73 years after Independence, examining Mumbai's role in the Indian freedom struggle
The earliest expression of political ideas came from the Indian owned newspapers published in the city of Mumbai in the early 1830s.
Bhakta Vidur, a 1921 film made in wake of the Rowlatt Act, was based on the Hindu epic Mahabharata. Its protagonist, the mythological character of Vidur, was modelled after Mohandas Karamchand Gandhi. The film was produced by Dwarkadas Sampat, a Gandhian himself, and shown in the fabled Majestic cinema, Mumbai. However, the British came to know that the film projected them in a certain light that they did not approve of. Hence, Bhakta Vidur became the first political Indian film to be banned. The importance of the film does not only lie in its censorship, but also in the fact that it came from Mumbai – a city of major political activity whose role in the Indian independence movement must be acknowledged.
Mumbai historian Murali Ranganathan, film scholar Amrit Gangar, corporate archivist Sanghamitra Chatterjee, and urbanist-architect Himanshu Burte, touched upon the environment of the city much before the landmark 1942 Quit India Movement was launched from multiple perspectives, at the National Gallery of Modern Art, Mumbai.
It turns out that the earliest expression of political ideas came from Mumbai in the early 1830s. The first Indian newspaper in English, the Bombay Native Observer, carried op-eds on the impact of British policies on the Indian public. “By 1833 the charter of their East India Company was up for renewal, that’s when lobbying started in the UK and India which allowed a discourse on the monopolies of the British,” explained Ranganathan. Another editor on 11 July, 1833 in Mumbai wrote that the Europeans, even though liberal in their thinking, had their hands in our (Indians) pockets – a critique that perfectly described colonialism for the next 150 years, according to Ranganathan. The emergence of such a discourse made it easier for other people to understand what was happening in India and what was at stake.
Much like the Indian freedom struggle, the city of Mumbai also shares a crucial relationship with Mahatma Gandhi. When he returned to India in 1915, Gandhi didn’t immediately plunge into active politics. He needed money and expertise for his plans, something he understood the capitalists of Mumbai would provide. This was a time when corporations in the country were mostly owned or co-owned by the British. The Indian capitalist class — the mill owners of Mumbai — weren’t participating in the freedom movement conspicuously. However, when Gandhi reached out to the businessmen, workers, women and peasants, something in their approach to freedom changed. “The traders of the Mulji Jetha market in Mumbai closed shops for an entire day. It was a clear statement to the British administration that acts such as the Rowlatt Act would not be tolerated. And their independence will not be questioned,” said Chatterjee.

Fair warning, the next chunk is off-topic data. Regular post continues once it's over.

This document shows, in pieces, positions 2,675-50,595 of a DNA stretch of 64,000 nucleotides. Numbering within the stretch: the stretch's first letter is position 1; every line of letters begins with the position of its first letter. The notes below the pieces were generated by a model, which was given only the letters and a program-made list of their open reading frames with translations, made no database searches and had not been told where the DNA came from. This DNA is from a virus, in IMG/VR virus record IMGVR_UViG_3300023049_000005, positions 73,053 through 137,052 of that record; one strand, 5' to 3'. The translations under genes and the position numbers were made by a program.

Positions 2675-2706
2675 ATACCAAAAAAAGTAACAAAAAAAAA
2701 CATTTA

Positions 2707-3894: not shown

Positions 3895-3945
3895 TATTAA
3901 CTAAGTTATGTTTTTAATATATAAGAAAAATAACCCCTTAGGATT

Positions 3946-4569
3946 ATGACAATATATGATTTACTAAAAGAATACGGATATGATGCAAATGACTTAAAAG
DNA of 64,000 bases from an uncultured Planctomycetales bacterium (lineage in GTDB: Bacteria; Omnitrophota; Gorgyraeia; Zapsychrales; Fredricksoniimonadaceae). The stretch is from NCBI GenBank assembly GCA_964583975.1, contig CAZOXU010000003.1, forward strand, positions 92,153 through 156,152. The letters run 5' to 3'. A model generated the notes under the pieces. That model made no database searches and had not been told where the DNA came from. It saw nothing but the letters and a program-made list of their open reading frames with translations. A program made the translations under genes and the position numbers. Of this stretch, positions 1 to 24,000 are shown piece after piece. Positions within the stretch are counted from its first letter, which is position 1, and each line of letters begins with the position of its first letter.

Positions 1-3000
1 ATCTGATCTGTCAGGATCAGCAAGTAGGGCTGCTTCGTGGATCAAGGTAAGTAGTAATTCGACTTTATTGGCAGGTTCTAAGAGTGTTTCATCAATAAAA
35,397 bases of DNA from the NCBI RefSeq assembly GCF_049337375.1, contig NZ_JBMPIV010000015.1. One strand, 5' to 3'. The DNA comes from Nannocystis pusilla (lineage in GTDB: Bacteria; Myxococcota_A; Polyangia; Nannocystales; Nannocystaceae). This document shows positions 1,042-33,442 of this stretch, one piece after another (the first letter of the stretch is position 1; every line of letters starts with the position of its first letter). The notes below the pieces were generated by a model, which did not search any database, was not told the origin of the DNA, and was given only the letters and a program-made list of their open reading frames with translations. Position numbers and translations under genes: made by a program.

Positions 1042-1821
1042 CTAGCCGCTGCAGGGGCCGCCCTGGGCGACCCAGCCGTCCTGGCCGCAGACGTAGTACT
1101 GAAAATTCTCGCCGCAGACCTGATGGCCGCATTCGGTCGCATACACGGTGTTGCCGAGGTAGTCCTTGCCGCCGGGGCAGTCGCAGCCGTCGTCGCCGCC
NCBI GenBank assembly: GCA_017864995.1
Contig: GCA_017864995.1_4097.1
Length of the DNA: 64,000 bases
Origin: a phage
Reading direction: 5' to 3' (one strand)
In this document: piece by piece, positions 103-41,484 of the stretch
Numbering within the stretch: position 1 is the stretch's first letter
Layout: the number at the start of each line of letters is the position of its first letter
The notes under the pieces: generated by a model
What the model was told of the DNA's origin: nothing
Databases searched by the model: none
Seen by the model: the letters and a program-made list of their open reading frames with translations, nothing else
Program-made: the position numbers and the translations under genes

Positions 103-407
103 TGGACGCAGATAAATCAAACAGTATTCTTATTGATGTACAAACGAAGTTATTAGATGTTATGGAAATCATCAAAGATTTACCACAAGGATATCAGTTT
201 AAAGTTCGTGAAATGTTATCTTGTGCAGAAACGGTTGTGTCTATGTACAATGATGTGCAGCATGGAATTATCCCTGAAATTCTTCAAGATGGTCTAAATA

What started out with the Rowlatt Act was also reflected in the noncooperation movement, which was kicked off in Mumbai with another clear act of defiance. The first big foreign cloth bonfire took place in mill owner Umar Sobhani’s yard in Parel, who later along with Jamnalal Bajaj was made responsible for the Tilak Swaraj fund, which was created in memory of Lokmanya Tilak. Gandhi once again relied on the business community of Mumbai to collect and disburse funds for various noncooperation activities that were to follow. Naturally, he had now become the capitalist class' spiritual leader. "Their allegiance lay with Gandhi, not the Congress; the Congress was too intellectual, too distant for them," added Chatterjee.
Mumbai and the business leadership's response to the freedom movement can also be traced in the city's architecture. Since the business class was not dominated by the British, it could build the city with other community leaders in partnership with the British. The Lakshmi statue atop the Lakshmi Insurance Building that still stands tall is one of the examples of the Indian business class' engagement with the colonial masters as they maintained the colonial syntax while playing with unmistakably Indian elements. "It's an interesting position to be in because they were tied into complicity as well as contradiction with the British administration," explained Burte.
While Gandhi and the city of Mumbai had cultivated a partnership, the movies were also catching up. Although his disdain for cinema, synonymous with Mumbai in those days, is well known, Gandhi never stopped holding meetings in movie halls which would later become cultural icons. Several burning issues, including indentured labour and cleanliness, were addressed in Opera House, Excelsior and New Empire Cinema between 1915 to 1924. Gandhi’s interaction with different communities of the city – either the affluent Malabar Hill business class or the Dalits of Worli — deepened his involvement in the character that Mumbai took on.
India became independent in 1947. However, it is important to note that it still was not a ‘nation’. “Something happens in this very building in 1955,” said Gangar, his tone, revelatory. "In 1955, a satyagraha for Goa was organised here (Cowasji Jehangir Hall), in this hall, as the state was still under the Portuguese. And so, Mumbai has an important contribution to the liberation of Goa as well, and India became a nation as we know it today."
With the 73rd Independence Day behind us, the same city of Mumbai offers an important lesson in what makes a city, and in turn a nation: the space for all contradictions, complexities and narratives.
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